The visceral and parietal pericardium are derived from the mesoderm, albeit from different parts of the embryo. The visceral pericardium develops from splanchnic mesoderm, as cells originating from the sinus venous spread out over the myocardium. The parietal pericardium derives from lateral mesoderm that covers and accompanies the developing pleuropericardial membrane, which will eventually separate the pleural and pericardial cavities. In healthy subjects, the pericardium covers the heart and great vessels, with the exception of only partially covering the left atrium.

Congenital absence of the pericardium can occur and can be either partial or complete. This condition is often clinically silent, but it can potentially lead to excessive cardiac motion (in the case of complete absence), causing vague chest pain or dyspnea, or, in the case of partial absence with significant defects, strangulation of heart muscle and possible death.[1]


The pericardial space normally contains 15-50 mL of fluid, which serves as lubrication for the visceral and parietal layers of the pericardium. This fluid is thought to originate from the visceral pericardium and is essentially an ultrafiltrate of plasma. Total protein levels are generally low; however, the concentration of albumin is increased in pericardial fluid owing to its low molecular weight.

The pericardium and pericardial fluid provide important contributions to cardiac function, including the following:

  • The parietal pericardium contributes to resting diastolic pressure, and is responsible for most of this pressure in the right atrium and ventricle
  • Through their ability to evenly distribute force across the heart, the pericardial structures assist in ensuring uniform contraction of the myocardium

The normal pericardium can stretch to accommodate a small amount of fluid without a significant change in intrapericardial pressure, although once this pericardial reserve volume is surpassed, the pressure-volume curve becomes steep. With slow increases in volume, however, pericardial compliance can increase to lessen the increase in intrapericardial pressure.



Clinical manifestations of pericardial effusion are highly dependent on the rate of accumulation of fluid in the pericardial sac. Rapid accumulation of pericardial fluid may cause elevated intrapericardial pressures with as little as 80 mL of fluid, while slowly progressing effusions can grow to 2 L without symptoms.

Understanding the properties of the pericardium can help to predict changes within the heart under physiologic stress.

By distributing forces across the heart, the pericardium plays a significant role in the physiologic concept of ventricular interdependence, whereby changes in pressure, volume, and function in one ventricle influence the function of the other.

The pericardium plays a pivotal role in cardiac changes during inspiration. Normally, as the right atrium and ventricle fill during inspiration, the pericardium limits the ability of the left-sided chambers to dilate. This contributes to the bowing of the atrial and ventricular septums to the left, which reduces left ventricular (LV) filling volumes and leads to a drop in cardiac output. As intrapericardial pressures rise, as occurs in the development of a pericardial effusion, this effect becomes pronounced, which can lead to a clinically significant fall in stroke volume and eventually progress to the development of pericardial tamponade.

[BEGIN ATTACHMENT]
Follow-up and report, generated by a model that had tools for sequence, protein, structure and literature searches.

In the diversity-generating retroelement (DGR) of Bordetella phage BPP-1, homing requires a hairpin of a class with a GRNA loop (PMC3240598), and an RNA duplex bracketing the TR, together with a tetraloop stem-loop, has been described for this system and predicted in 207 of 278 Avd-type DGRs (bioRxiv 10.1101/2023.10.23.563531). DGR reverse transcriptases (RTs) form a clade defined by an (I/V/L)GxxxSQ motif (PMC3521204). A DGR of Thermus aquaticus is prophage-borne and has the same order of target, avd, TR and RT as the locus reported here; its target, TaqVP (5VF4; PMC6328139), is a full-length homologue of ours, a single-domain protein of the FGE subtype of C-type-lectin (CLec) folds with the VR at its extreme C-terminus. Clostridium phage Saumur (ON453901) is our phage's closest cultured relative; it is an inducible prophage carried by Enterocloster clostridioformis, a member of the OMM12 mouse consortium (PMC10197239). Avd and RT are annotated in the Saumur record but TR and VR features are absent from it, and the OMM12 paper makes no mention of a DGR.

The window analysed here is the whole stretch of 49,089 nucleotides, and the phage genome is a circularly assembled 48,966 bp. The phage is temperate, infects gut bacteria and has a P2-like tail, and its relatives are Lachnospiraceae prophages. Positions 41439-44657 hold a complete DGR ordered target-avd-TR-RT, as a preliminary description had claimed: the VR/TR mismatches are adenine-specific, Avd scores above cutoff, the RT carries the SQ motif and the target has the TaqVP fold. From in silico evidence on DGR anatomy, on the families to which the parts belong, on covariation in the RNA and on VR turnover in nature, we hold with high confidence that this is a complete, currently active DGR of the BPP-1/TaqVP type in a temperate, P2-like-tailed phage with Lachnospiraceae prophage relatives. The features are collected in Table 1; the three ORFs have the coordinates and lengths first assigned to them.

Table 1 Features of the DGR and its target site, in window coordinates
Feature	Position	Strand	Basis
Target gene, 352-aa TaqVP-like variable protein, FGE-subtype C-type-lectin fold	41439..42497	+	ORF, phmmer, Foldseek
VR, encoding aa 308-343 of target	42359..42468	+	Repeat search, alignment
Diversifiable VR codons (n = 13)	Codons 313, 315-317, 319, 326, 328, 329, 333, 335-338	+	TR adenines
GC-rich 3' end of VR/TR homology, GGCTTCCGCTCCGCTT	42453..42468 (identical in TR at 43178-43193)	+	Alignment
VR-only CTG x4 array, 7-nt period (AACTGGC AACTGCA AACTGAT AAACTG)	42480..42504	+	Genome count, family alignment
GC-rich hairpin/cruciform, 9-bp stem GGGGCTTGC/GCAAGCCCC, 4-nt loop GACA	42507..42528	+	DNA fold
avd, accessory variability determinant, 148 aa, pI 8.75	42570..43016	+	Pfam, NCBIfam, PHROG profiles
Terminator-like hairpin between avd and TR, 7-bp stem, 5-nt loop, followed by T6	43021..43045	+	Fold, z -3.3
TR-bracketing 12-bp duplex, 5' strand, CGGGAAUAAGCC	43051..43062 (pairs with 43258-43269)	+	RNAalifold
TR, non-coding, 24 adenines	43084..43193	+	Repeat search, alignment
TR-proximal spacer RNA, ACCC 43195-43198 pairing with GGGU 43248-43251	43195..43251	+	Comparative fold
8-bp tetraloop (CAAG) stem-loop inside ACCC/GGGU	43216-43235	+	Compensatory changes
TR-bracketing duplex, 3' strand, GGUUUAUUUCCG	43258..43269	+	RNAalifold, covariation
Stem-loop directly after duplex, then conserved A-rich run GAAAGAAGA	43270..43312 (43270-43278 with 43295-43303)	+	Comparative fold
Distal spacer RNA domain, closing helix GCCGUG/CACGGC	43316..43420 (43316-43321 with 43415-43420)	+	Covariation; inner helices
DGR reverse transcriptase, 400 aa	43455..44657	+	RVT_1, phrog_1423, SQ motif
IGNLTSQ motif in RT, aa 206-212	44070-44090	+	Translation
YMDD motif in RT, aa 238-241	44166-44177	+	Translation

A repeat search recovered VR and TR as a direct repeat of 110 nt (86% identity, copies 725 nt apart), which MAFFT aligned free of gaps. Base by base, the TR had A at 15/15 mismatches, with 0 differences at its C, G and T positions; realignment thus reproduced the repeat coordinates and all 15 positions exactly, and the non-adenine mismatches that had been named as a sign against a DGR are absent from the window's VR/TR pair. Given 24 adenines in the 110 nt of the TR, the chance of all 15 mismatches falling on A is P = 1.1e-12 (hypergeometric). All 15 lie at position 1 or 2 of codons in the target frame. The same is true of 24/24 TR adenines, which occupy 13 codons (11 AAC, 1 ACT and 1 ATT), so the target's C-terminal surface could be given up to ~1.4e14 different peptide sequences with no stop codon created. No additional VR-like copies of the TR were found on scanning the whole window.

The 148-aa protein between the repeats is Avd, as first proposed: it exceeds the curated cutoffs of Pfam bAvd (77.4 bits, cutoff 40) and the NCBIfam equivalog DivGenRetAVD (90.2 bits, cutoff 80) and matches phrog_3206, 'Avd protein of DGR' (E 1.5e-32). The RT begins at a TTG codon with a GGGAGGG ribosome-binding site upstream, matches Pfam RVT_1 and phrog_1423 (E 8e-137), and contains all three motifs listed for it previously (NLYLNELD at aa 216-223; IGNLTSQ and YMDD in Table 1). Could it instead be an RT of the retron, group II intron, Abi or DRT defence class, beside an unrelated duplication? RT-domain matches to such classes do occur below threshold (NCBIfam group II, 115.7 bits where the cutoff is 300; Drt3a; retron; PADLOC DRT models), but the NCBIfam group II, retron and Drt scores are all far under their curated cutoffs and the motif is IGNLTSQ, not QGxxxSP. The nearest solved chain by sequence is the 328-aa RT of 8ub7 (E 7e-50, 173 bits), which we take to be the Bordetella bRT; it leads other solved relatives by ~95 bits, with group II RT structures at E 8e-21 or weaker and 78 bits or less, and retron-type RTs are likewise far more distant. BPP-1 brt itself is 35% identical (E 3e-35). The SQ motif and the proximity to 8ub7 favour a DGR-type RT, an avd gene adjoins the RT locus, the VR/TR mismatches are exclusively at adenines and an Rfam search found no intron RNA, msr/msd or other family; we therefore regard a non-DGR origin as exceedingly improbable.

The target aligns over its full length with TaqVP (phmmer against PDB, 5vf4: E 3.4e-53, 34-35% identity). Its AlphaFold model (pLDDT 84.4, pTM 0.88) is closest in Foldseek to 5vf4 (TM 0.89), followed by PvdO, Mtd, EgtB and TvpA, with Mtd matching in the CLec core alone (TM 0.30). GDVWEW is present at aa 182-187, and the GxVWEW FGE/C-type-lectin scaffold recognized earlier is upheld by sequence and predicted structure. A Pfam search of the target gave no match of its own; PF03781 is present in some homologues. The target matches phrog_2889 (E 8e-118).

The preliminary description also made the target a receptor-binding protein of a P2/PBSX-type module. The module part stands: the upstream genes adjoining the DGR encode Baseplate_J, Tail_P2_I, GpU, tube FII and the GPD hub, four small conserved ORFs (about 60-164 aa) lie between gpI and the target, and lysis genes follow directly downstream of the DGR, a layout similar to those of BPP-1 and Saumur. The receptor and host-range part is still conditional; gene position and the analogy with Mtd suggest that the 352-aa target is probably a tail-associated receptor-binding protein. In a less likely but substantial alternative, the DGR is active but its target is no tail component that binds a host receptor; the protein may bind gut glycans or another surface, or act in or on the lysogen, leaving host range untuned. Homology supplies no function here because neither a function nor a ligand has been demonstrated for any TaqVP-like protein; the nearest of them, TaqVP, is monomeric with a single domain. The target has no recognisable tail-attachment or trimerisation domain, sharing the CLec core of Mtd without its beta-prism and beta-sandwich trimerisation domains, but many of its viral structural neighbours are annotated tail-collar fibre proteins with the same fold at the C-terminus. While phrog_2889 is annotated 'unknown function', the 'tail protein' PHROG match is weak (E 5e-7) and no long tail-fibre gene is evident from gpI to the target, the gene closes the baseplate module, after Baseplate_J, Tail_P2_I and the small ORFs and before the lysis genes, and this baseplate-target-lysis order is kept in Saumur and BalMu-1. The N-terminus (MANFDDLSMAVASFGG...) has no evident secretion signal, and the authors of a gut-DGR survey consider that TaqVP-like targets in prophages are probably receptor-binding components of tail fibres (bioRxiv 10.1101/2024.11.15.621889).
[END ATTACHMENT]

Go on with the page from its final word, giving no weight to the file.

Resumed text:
The pericardium plays a beneficial role during hypervolemic states by limiting acute cardiac cavitary dilatation.



The cause of abnormal fluid production depends on the underlying etiology, but it is usually secondary to injury or insult to the pericardium (ie, pericarditis). Transudative fluids result from obstruction of fluid drainage, which occurs through lymphatic channels. Exudative fluids occur secondary to inflammatory, infectious, malignant, or autoimmune processes within the pericardium.

In up to 60% of cases, pericardial effusion is related to a known or suspected underlying process. Therefore, the diagnostic approach should give strong consideration to coexisting medical conditions.


In many cases, the underlying cause is not identified. However, this often relates to the lack of extensive diagnostic evaluation.


Human immunodeficiency virus (HIV) infection can lead to pericardial effusion through several mechanisms, including the following:

  • Secondary bacterial infection
  • Opportunistic infection
  • Malignancy (Kaposi sarcoma, lymphoma)
  • "Capillary leak" syndrome, which is associated with effusions in other body cavities

The most common cause of infectious pericarditis and myocarditis is viral. Common etiologic organisms include coxsackievirus A and B, and hepatitis viruses. Other forms of infectious pericarditis include the following:

  • Pyogenic - Pneumococci, streptococci, staphylococci, Neisseria, Legionella species
  • Tuberculous
  • Fungal - Histoplasmosis, coccidioidomycosis, Candida
  • Syphilitic
  • Protozoal
  • Parasitic


Neoplastic disease can involve the pericardium through the following mechanisms:

  • Direct extension from mediastinal structures or the cardiac chamber
  • Retrograde extension from the lymphatic system
  • Hematologic seeding

Malignancies with the highest prevalence of pericardial effusion include lung (37% of malignant effusions) and breast (22%) malignancies, as well as leukemia/lymphoma (17%). However, patients with malignant melanoma or mesothelioma also have a high prevalence of associated pericardial effusions.